of the Great Depression.
If Hopper and Lange used their talents during
this time to depict what Americans were, then the pulp artists
chronicled with equal accuracy what their audience of young males
most feared and most hoped they would become. On these canvases
are nightmares, sexual desires and fears intermingled, hatreds
and prejudices presented without shame or inhibition.
Take, for example, the exhibition’s single
most striking and disturbing piece, H.W. Scott’s “Japs
Invade California,” (Click Magazine; February, 1941). Published
10 months before the bombing of Pearl Harbor, the picture shows
just how pervasive American fears of Japanese imperialism were.
The background is a sky red with flame, so red that it might as
well be blood. A barbed-wire fence runs across the foreground with
a sign announcing: CONCENTRATION CENTER FOR WOMEN. A bestial Japanese
soldier grips his rifle and bayonet, looming over a dismal parade
of white women who trudge into the camp. One clutches her shredded
clothing to her body, as though seeking to protect herself even
after being violated. Another woman poses provocatively, as though
seeking to protect herself in the opposite way. A nun is stooping
to help a wounded girl on the ground. It is a powerful piece of
propaganda, and one that did not go unnoticed during its own time.
When the magazine hit the stands, the Japanese Ambassador stormed
into the White House, waving a copy of it as proof of American
hostility. After war broke out, Scott’s painting was given
numerous exhibitions, including a special showing at New York’s
famous Salmagundi Club. One can’t help feeling ambivalent
looking at it now: on the one hand, it is undoubtedly a work of
power and skill; on the other, we also know that on the West Coast
of the United States, it was Japanese-Americans who were marched
into concentration camps precisely because of fears like those
depicted by Scott.
Even independent of the war, Asians were the
most commonly caricatured ethnic group in the pulps. Devious Chinese
in Mandarin robes repeatedly threaten white maidens with bizarre
tortures; Japanese soldiers hurl themselves rapaciously at women,
snarling like animals. In Norman Saunders’s “The Elephant
God,” a Japanese soldier attacking a scantily-clad woman
has almost catlike teeth while his bared teeth show wolflike canines.
The message is clear: he is not only inhuman but unlike any animal
ever born. H.W. Parkhurst’s “The Signet Ring” depicts
a more subtle, social threat coming from the Chinese: an obviously
desperate couple stands before a Chinese moneylender, negotiating
terms. In a role reversal symbolizing the collapse of family roles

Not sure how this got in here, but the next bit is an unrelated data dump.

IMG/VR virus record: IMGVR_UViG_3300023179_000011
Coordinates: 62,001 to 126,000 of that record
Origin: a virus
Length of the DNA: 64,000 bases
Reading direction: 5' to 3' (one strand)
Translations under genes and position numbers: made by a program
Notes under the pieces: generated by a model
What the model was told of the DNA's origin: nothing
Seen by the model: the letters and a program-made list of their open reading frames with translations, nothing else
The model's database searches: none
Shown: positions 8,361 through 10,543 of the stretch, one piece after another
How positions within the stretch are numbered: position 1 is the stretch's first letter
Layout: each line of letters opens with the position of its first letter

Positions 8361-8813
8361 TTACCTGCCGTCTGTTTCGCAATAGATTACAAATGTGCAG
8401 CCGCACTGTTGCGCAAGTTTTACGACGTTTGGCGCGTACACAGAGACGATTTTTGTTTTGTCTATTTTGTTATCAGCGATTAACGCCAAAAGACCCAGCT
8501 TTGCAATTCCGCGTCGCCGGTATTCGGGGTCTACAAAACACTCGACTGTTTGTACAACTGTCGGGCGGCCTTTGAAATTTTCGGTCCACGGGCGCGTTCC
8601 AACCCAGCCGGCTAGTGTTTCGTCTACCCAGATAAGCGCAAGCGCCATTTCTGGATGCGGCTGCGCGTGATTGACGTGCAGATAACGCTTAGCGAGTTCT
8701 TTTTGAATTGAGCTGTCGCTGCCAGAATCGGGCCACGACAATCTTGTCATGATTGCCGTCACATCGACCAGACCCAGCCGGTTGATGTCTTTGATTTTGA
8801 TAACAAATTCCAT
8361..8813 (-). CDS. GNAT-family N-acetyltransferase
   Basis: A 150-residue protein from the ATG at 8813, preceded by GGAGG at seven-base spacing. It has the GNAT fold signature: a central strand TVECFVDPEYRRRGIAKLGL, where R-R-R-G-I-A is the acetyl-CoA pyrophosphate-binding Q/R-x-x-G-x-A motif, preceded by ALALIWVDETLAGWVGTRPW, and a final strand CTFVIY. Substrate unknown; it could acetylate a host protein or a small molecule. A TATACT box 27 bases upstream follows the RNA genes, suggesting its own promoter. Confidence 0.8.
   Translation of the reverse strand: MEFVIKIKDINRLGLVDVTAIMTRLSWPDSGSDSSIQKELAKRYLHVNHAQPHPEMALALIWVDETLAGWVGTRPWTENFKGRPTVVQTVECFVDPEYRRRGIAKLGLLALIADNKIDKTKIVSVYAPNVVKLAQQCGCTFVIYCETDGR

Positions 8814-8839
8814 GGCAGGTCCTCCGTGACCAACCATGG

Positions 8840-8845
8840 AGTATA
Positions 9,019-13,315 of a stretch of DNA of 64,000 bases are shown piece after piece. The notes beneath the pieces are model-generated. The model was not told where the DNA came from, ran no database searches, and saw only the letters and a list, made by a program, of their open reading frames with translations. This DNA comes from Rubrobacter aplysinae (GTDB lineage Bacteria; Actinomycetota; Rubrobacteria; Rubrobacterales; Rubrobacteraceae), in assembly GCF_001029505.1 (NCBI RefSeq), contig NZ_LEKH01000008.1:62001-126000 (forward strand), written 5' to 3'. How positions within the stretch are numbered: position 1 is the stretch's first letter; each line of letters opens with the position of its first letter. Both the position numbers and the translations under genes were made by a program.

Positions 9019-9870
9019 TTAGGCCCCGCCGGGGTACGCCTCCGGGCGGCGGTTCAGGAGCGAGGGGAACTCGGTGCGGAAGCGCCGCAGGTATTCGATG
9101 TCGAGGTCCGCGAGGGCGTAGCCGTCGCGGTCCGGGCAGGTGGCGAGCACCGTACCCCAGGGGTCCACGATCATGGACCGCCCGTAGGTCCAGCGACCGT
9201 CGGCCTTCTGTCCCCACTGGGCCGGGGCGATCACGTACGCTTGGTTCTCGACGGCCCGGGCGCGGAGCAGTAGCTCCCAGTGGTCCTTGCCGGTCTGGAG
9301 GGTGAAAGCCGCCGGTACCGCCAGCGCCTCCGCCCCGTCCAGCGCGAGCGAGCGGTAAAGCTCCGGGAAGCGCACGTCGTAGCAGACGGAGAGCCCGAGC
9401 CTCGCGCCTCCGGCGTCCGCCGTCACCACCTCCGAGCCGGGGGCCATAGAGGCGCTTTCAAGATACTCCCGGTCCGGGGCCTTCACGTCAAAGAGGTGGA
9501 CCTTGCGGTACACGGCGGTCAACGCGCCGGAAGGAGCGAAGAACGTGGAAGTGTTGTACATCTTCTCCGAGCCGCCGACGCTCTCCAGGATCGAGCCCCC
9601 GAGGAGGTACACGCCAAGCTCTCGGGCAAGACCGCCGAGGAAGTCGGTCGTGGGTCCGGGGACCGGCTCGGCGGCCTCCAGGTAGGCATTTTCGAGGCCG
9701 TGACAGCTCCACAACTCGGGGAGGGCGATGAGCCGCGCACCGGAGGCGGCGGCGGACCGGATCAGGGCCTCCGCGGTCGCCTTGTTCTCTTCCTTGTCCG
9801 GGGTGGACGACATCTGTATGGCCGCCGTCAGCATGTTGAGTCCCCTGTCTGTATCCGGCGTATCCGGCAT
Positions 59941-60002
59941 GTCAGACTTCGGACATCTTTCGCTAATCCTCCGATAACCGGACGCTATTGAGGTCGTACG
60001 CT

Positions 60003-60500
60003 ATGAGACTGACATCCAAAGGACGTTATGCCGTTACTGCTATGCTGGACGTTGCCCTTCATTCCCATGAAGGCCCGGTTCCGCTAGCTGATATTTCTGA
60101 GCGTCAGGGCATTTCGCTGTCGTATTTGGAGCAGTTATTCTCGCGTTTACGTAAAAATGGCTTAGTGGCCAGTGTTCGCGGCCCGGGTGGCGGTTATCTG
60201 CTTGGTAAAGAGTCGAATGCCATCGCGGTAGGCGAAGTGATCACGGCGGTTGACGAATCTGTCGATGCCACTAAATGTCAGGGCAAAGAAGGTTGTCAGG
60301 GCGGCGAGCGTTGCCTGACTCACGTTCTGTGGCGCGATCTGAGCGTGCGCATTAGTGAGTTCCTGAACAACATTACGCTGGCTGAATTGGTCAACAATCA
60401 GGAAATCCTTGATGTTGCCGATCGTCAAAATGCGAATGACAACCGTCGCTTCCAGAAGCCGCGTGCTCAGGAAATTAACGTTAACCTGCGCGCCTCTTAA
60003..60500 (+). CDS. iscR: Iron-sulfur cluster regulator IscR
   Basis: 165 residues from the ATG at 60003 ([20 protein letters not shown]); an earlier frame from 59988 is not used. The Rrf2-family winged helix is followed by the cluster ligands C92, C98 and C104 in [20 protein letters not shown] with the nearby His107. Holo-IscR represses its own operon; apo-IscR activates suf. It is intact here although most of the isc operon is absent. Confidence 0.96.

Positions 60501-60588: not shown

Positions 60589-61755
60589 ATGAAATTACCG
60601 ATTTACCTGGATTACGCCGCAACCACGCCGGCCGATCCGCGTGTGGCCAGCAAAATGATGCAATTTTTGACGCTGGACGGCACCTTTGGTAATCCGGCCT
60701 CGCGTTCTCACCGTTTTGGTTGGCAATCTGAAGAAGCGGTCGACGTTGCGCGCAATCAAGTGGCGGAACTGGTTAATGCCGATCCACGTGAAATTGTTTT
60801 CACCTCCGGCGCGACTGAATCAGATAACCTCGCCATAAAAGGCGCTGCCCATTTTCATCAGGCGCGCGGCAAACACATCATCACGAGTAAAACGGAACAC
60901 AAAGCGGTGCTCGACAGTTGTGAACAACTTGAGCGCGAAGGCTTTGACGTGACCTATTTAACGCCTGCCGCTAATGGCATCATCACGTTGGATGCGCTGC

during the Great Depression, it is the woman who calmly negotiates
with the moneylender while the man stands meek and passive behind
Heroes are much less common than villains in
these pictures. While square-jawed paragons of virtue sometimes
emerge from the edges of the picture to smash the mad doctor’s
machines of doom, they are not always there. Much too often
the villains seem to stand unmolested. Heroism shows up more consistently
in the pictures illustrating either science-fiction or old west
stories. Even the buildings in Frank R. Paul’s futuristic
cities seem to be heroic, arising from the noblest human impulses.
But the portrayals of the modern age show it as a place where heroism
is scarce, something that is either a thing of the past or that
will be regained only after eons have passed. The world of the
artists is depicted as one of paranoia and fear, under siege from
without and within. Nestled side by side on these canvases are
the strongest impulses of both New Deal liberalism and reactionary
One of the most fascinating and powerful heroes
to appear in the pages of the pulps, precisely because he embodied
this ambivalence about the possibility of modern heroism, was The
Shadow. The Shadow’s image, as defined by George Jerome Rozen,
draws its power from the fact that his appearance shows more of
the villain than the hero. In contrast to the statuesque models
of manhood who typify traditional heroes, The Shadow swathed himself
in a black cloak and slouch hat, the lower half of his face covered
by a blood-red scarf. His nose was crooked and hawklike. Most important
were the eyes: in nearly every picture they stare directly out
of the canvas with pitiless fury, as though accusing the viewer
as much as the fictitious villains within the covers. The Shadow
was truly a Freudian hero — a character of pure, unrelenting
superego who was motivated as much by a righteous sadism as by
a sense of moral duty.
Rozen’s covers often show The Shadow’s